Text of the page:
Monday, July 9, 2018

The IWC Pilot Mark XXIII - Reissue of the Mark XI

The original IWC Mark XI and Mark XII were the icons of the brand having been the standard issue for pilots during WWII. The early Pilot Mark XI was having a manual winding movement - the Calibre 89. The Mark XI was a time only piece - no date window but the Mark XII came with a date and with an automatic movement. This year, IWC release the Mark XVIII as the tribute to the Mark XI.

By the time I got my hand on a Pilot watch, which was my very first mechanical timepiece, the Mark XII was already sold out (let alone the Mark XI) and the Mark XV was then the only IWC Pilot watch then.

Compare both the Mark XV and Mark XVIII - the Mark XV is 38mm while the Mark XVIII is 40mm. The hands are similar, but the date window is where the difference is apparent. Not only is the date wheel black in colour (as opposed to the white background in the Mark XV), but the positioning of the date window is slightly inside. I find the Mark XV more balanced in terms of aesthetics.

With the size of the timepiece at 40mm, something has got to give... so the position of the date window is inside because the Sellita SW300 movement is not big enough for a 40mm case.

But that aside, the Mark XVIII gives out that vintage feel - much thanks to the yellow markers at 3,6 and 9 and the triangle at 12 which are all quoted with a luminescent material.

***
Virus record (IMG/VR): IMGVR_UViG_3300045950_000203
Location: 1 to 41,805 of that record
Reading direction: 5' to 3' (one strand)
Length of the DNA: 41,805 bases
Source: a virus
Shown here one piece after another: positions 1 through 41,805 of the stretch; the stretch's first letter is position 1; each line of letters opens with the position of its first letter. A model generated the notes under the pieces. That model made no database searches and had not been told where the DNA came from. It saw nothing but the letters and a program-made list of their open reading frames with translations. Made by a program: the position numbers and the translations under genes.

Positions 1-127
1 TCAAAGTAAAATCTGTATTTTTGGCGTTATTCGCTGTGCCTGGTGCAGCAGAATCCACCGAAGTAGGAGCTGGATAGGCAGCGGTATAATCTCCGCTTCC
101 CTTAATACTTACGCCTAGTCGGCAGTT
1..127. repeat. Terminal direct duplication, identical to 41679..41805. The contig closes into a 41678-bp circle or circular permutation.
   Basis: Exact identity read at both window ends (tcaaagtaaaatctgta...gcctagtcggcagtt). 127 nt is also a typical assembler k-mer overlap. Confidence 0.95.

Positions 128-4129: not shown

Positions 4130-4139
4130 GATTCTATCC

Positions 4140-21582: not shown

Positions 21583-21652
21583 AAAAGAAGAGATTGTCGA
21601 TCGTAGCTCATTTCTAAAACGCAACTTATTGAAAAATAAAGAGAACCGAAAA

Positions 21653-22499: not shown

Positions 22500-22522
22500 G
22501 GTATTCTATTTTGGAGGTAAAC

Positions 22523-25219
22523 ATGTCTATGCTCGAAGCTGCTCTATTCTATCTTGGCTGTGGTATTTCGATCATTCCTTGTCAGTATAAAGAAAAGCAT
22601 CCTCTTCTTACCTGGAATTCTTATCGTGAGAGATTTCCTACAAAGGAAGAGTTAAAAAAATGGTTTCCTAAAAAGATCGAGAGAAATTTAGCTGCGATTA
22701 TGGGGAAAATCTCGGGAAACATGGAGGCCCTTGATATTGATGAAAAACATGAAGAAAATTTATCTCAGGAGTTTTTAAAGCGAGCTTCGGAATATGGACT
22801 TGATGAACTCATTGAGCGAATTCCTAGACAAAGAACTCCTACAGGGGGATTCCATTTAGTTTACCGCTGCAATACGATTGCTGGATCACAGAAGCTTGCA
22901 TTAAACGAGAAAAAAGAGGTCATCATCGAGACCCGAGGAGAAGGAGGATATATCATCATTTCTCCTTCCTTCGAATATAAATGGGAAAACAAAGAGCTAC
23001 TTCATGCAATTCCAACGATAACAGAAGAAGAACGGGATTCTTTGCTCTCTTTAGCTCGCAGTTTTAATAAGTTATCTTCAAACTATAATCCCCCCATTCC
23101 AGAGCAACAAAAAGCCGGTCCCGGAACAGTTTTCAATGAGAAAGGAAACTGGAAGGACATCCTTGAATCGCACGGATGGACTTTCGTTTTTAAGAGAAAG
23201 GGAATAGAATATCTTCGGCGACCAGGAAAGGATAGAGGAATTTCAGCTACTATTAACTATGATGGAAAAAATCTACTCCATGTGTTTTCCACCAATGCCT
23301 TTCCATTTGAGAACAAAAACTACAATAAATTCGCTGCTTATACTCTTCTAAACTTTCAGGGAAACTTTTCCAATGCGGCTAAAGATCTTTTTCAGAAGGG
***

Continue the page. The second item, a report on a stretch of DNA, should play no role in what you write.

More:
Looking at the Mark XVIII tribute piece, I would have thought that this is a tribute to the Mark XII no? After all, the Mark XII had an automatic calibre while the Mark XI is manual winding.

The Mark XII has a date window and so does the Mark XVIII... so what am I missing here?

For me, the hands on this version is right for me... I much prefer these hands which were last seen on the Mark XV.

The difference between this and the Mark XV is the white seconds hand on the Mark XV and the steel hands on the Mark XVIII.

The Mark XVIII luminous markers are well made.

Both at the 12 and at the 6, the markers are painted with the same yellowish luminous material. But notice the numerals too - they are thicker on the Mark XVIII than the Mark XV.

And the crown on the Mark XVIII has the "Probus Scafusia" insignia as opposed to the fish logo on the Mark XV.

And this version comes with a green textile strap which is Made in Italy.

Another look at the Mark XVIII


Now for the Mark XV

I actually like this better.

I get it, the Mark XI is definitely more iconic than the Mark XII being the "first" of its kind. For the Mark XVIII, I would have loved a manual winding calibre as opposed to the automatic Calibre 35111. And one more thing, the date window should go. But that is just me.

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